Monday, February 8, 2016

Fea: "Still Misleading America About Thomas Jefferson"

John Fea takes down David Barton here. A taste:
But no one drew the ire of the founders of the ABS more than Thomas Jefferson. When the primary author of the Declaration of Independence defeated John Adams in the presidential election of 1800 his followers described the victory as a natural extension of the American Revolution. The tyranny of the Federalist Party (of whom Boudinot, Jay, and most of the ABS founders were members) was over. The Federalist attempt at using Christianity as a means of keeping moral order in the country would now give way to a new age of liberty and religious skepticism.
Jefferson embodied everything that the ABS opposed. He rejected traditional Christian beliefs such as the deity of Christ and his resurrection from the dead. He did not believe that the Bible was inspired by God. He despised Calvinists of both the Congregational and Presbyterian variety. He supported the French Revolution, an uprising associated in the Federalist mind with atheism and the destruction of organized religion. He opposed established Christianity and called for the separation of church and state. And he believed that Christians were on the wrong side of history. As Jefferson famously wrote to his friend Dr. Thomas Cooper in 1822, “Unitarianism…will, ere long, be the religion of the majority from north to south, I have no doubt.”
Update: Raw Story picked up Fea's article. 


Tom Van Dyke said...

But if these men were alive today they would be shocked, if not appalled, to learn that David Barton, the country’s most prominent defender of the Christian republic they hoped to construct, is now singing the praises of Thomas Jefferson.

I'm not sure he's all that prominent. He's mentioned approvingly by pols who want his followers' votes, but so is Al Sharpton. Barton's palpable effect on the republic doesn't really move the meter: Some dopey religious proclamation from a backbencher like Rep. Randy Forbes

that never even gets passed anyway.

Barton's strategic choice of trying to enlist Jefferson for the traditionalist cause was madness, even if it had actual basis in fact. The best you can get is a tie, that he wasn't nearly as hostile to religion in the public square as latter-day secularists. The argument should read even the unreligious Thomas Jefferson attended Sunday services held in government buildings during the construction of Washington DC. Even the slaveholding infidel Thomas Jefferson believed that some day an interventionist God would punish America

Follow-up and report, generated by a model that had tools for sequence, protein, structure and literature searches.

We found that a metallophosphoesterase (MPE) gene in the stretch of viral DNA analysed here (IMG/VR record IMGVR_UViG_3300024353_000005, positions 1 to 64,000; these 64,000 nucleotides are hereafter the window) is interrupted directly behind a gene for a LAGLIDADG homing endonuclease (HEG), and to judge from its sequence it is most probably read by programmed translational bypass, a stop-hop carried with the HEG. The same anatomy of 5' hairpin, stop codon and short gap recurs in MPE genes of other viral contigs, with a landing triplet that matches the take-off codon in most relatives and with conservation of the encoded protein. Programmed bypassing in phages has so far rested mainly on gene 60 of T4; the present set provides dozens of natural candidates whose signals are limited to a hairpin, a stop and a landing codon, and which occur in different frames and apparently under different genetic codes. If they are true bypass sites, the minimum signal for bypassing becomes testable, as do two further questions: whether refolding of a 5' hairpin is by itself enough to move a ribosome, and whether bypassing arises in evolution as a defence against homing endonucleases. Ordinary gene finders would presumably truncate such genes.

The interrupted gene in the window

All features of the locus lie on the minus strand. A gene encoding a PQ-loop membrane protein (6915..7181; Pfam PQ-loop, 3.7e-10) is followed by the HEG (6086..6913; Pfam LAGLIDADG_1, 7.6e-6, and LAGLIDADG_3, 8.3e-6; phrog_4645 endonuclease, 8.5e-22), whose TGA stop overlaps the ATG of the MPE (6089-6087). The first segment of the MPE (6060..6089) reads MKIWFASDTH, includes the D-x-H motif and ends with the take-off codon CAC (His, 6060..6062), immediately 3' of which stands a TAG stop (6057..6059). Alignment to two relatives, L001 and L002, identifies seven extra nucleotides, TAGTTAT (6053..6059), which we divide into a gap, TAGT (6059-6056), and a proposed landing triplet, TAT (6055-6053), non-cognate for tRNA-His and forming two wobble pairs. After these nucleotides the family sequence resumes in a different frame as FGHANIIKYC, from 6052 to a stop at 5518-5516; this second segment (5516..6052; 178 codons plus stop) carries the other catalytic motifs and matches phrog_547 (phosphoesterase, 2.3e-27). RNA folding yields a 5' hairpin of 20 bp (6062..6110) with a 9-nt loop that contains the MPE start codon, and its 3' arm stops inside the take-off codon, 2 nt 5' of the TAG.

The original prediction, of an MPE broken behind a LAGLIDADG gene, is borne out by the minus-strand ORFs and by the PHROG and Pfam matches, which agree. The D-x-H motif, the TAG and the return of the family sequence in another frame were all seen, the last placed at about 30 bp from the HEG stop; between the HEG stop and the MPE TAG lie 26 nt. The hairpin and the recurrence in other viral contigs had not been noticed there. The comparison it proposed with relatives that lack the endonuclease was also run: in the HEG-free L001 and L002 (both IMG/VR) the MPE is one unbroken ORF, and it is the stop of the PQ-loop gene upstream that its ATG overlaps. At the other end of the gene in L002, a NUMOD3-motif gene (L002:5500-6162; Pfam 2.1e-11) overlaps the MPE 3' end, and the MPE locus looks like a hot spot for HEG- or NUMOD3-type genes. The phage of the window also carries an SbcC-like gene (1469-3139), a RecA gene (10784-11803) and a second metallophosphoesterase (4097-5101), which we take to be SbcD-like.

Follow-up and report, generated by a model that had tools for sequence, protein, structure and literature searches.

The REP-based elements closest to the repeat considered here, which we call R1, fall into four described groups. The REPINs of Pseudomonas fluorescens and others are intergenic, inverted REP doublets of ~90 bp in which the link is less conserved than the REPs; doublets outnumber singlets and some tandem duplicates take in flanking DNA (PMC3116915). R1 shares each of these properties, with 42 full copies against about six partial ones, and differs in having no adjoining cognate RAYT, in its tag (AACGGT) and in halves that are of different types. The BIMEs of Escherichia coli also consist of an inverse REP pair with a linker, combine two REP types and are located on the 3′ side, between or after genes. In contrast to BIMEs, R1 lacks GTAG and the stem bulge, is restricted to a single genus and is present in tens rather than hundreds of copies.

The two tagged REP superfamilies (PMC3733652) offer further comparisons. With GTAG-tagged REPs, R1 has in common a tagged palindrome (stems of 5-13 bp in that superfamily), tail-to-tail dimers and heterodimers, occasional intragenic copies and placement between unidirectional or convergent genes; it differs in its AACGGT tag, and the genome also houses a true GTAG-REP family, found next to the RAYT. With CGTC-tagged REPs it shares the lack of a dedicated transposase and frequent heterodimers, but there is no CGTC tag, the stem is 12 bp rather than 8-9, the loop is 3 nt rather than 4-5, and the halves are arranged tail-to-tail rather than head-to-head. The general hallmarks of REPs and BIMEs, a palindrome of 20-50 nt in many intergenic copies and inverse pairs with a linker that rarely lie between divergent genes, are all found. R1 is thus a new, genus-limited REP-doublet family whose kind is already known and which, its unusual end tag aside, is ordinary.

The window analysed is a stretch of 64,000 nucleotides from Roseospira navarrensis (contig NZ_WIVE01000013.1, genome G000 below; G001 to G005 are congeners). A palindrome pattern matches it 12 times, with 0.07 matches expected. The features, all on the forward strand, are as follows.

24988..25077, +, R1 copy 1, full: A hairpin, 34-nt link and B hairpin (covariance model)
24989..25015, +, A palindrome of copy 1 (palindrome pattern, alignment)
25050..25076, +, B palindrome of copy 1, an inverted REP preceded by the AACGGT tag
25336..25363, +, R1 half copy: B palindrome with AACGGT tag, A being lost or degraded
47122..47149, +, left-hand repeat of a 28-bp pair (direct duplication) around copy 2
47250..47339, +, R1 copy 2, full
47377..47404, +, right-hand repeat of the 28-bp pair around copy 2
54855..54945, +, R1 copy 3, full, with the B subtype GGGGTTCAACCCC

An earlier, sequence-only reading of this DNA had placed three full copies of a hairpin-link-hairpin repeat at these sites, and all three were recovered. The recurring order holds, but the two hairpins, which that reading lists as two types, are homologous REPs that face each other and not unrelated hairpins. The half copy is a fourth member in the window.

"And can the liberties of a nation be thought secure when we have removed their only firm basis, a conviction in the minds of the people that these liberties are of the gift of God? That they are not to be violated but with his wrath? Indeed I tremble for my country when I reflect that God is just: that his justice cannot sleep for ever: that considering numbers, nature and natural means only, a revolution of the wheel of fortune, an exchange of situation, is among possible events: that it may become probable by supernatural interference!"

for her sins against his children.

But David Barton is one of those fellows, when he steps in it, doubles down and inserts the other foot as well. He has a bit of a point, the outline of a fact, that as a younger man Jefferson was more doubtful than hostile to orthodox Christian doctrine--only after he left public life did he start feeling his oats and start pontificating on theology and become a bit of a pope himself.

Mrs. Webfoot said...

In order to mislead America shouldn’t America know who Barton is?

Tom Van Dyke said...

All of America knows who Barton is. Well, at least the left half. If you google, the majority of the hits are attacks on him.

Mrs. Webfoot said...

Okay, so maybe Barton means more to the left half of the country than he does to the right. I read Dr. Throckmorton’s book on the issue and found it to be really interesting. It was well-researched. After that I tried to listen to Barton, but he’s just not my type. I ended up disliking Jefferson quite a bit, but he doesn’t sound like the American left.

It’s like neither side can claim him, though both sides can find quotes to support whatever agenda they are promoting. That doesn’t mean he was not important to our founding.

So, anyway. I still haven’t asked people in my real life what they think of Barton. Well, except my daughter - who is a Texas A&M grad - and she said, “Who’s Barton?”

The head of her department was a Communist, though - a real one from Spain. What does it all mean? How to connect the dots...

Tom Van Dyke said...

Sounds about right. I'm not a fan.

For the prosecution:

For the defense: